Seco. Sin una gotita de nada.
Dry. Without a drop of anything.
The six barrels sat empty behind the house beside the rain tank that had been collecting dust for weeks.
Laundry. Laundry had become like this unspoken, yet ultimate fantasy for most of us. As if we thought, “Laundry, what a luxury! Can you imagine clothes that don’t smell like a Caribbean day’s sweat? ¿Eso será algo ricismo, no?”
What we mostly worried about was bathing. Eight people needed to bathe that night. Mom, Dad, three daughters, a son, a baby and (of course) the American.
The water hadn’t arrived in a good amount in almost three weeks.
Think about how many things need water in daily life: dishes, bathing, brushing your teeth, mopping, washing your hands, laundry, etc. And even more is needed if you have a kid. More still if you are dependent on a working in-house hair salon to make sure you family eats.
My Doña worked the neighborhood trying to find anyone that could help us out. The answer came from the woman making empanadas.
She had access to water in an underground cistern that belonged to a doctor’s house that is currently for sale. (Yeah, complicated).
The cistern is about three blocks from the house.
Everyone grabbed a bucket and started walking.
Down the street around the corner, fill the bucket, free hand out for balance, walk.
Men carried two.
It was around 8 p.m., so the neighborhood in its entirety was outside as daily routine dictates. Before we knew it, others started hauling their own buckets.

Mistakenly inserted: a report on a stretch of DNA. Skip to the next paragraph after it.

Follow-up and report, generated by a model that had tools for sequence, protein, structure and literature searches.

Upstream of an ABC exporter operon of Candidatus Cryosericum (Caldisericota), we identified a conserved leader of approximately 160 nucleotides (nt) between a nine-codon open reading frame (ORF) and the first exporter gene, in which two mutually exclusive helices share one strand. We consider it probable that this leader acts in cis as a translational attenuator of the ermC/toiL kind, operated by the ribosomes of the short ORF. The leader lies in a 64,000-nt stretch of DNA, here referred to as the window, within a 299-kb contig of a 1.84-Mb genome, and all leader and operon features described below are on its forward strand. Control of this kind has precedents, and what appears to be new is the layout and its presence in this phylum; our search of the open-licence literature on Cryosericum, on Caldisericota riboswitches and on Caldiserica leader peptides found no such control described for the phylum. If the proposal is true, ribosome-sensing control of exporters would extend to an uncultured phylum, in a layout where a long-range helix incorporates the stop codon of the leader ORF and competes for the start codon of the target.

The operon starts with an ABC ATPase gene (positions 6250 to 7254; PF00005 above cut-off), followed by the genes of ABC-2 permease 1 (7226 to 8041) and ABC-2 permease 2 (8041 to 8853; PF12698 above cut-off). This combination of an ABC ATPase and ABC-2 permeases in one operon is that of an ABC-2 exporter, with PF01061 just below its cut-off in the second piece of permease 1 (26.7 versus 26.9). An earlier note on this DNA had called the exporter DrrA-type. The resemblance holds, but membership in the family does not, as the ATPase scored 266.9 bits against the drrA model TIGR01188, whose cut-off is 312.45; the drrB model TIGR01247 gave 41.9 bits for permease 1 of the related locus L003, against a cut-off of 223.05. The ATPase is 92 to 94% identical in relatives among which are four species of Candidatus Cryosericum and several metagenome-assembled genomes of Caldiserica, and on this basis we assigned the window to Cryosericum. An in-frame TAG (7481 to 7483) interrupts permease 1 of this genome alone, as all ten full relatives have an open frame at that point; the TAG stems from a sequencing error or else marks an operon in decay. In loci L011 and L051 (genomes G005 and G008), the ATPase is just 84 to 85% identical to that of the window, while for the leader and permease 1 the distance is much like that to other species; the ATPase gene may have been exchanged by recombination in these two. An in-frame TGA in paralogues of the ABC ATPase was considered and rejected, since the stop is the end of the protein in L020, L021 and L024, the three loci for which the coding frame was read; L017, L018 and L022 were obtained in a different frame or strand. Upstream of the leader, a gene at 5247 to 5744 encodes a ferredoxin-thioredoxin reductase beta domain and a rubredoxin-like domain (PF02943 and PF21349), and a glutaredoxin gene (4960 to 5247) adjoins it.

When empanada lady (a sizeable woman who could probably wield a battle-axe as well as she rolls dough) caught wind of what was happening, she stomped out to supervise. She reminded the entire world that she, too, could run out of water and that permission had only been granted to a few.
Yet, she allowed everyone to keep dunking their buckets. I guess 1. because it wasn’t really her water and 2. it’s WATER! How can you deny your neighbor the right to clean water? She must have known that at some point she would need a similar favor and cut her losses. Smart lady.
An hour y pico later, we had enough water to get us through the next couple of days.
Five days later the water started to come. Apparently and ENTIRE tree branch had clogged one of the pipes.
It flowed Willy Wonka brown for a good hour before running crystal clear.
Me and the girls danced and jigged around the house saying, “AGUA! AGUA!”
My Doña filled everything from empty milk gallons to small bowls to large trash cans. There was no returning to seco for us.